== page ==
Sep 13, 2012

My Son Asks

Written by Sally Rosen Kindred

Read by Johnathon Williams

about Pakistan, my son asks
about microprocessors
and sex, he asks about Peter Pan
and cease fires and hard ships
that shark the Atlantic and when
we will stop loving
each other and whether
the cats know their names. My son
asks me for the time,
the past perfect which I can’t find
in my pocketbook, the stick of gum
his grandmother gave him
before she entered the ground upstate
in sudden June, the joke she drank
the last night he saw her, the stem
of her glass clear, her arms
wanting his body’s goodbye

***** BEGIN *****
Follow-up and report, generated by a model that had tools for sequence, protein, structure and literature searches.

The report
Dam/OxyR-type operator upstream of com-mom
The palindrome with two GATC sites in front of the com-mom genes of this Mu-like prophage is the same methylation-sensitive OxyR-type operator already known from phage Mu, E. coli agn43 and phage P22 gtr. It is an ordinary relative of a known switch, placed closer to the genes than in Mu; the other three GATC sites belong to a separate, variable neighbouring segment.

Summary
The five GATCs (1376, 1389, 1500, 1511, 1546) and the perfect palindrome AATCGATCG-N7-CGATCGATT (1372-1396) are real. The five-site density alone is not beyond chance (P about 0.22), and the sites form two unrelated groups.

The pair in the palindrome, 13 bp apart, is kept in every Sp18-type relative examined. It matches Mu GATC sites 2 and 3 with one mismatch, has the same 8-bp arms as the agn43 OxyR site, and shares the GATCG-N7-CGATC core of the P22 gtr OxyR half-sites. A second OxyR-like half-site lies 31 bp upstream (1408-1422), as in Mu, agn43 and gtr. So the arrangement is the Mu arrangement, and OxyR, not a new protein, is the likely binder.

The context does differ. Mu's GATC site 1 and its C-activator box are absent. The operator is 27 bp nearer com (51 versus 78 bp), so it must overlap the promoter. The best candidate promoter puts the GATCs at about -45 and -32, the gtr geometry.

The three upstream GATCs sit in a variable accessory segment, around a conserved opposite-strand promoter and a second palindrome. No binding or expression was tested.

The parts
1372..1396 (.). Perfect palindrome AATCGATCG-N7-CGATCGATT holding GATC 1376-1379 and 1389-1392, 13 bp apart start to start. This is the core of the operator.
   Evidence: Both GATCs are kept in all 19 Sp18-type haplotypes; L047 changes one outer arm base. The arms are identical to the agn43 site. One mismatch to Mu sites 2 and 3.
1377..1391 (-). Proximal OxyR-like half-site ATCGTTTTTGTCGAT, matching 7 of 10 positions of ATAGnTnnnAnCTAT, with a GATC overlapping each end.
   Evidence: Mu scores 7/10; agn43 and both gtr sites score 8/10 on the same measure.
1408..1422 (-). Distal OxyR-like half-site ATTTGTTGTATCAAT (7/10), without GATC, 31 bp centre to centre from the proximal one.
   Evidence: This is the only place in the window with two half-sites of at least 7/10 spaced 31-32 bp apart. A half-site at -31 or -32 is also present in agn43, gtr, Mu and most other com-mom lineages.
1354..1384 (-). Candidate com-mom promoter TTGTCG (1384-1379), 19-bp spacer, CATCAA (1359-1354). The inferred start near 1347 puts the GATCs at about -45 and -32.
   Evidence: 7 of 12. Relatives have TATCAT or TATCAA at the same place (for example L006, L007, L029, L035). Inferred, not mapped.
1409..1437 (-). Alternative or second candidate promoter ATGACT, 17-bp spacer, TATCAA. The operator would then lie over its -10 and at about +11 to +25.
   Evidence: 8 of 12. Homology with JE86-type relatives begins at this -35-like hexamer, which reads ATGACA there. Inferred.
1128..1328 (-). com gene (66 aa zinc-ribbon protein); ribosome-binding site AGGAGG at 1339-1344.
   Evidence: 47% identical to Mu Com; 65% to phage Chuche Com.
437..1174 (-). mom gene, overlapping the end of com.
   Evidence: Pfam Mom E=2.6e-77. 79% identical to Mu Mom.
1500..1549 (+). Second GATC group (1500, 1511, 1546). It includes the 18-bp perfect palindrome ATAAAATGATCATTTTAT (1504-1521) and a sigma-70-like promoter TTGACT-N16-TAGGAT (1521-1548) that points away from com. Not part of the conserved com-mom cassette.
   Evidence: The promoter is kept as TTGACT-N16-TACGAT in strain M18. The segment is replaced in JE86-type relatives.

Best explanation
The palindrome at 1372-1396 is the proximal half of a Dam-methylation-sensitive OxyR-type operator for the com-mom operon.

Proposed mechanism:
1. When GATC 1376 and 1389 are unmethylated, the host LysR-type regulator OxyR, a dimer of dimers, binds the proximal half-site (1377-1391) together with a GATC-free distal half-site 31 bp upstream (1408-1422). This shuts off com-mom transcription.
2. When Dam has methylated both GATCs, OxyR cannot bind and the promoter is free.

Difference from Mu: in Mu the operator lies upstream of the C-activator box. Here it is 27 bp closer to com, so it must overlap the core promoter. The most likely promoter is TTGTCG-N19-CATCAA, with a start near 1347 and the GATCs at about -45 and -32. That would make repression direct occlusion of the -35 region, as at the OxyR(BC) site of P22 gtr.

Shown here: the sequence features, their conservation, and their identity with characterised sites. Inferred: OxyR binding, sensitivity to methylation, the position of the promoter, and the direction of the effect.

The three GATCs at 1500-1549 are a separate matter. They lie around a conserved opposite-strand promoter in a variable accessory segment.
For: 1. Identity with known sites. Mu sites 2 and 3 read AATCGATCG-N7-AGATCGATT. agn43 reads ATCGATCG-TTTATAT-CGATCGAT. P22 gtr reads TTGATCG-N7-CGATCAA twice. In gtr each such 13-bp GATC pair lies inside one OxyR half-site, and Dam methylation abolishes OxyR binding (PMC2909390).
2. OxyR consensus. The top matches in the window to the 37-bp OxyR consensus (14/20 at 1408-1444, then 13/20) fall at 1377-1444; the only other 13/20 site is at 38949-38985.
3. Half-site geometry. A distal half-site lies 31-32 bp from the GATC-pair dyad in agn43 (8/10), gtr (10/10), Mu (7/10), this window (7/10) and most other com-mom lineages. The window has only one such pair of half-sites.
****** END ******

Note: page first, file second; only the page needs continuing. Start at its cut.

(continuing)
and his body turning away.
He asks about Satan, the wrong end
of the movie, if spinach
for dinner then what
for dessert. He crawls into
my bed at six thirty
with gauze and a newspaper. He wants me
to bury the lead. He wants the cats
to live forever but
stop running for good
down morning halls. He wants eggs,
juice and eggs and he will never
stop asking:
even when his plate is white
with grief and galactic heat
he’ll be calling
me from the lobby
in his gray suit to ask
if volcanoes were furry and closed their eyes
before they were born
and I will say yes, yes,
and other lies the dead tell.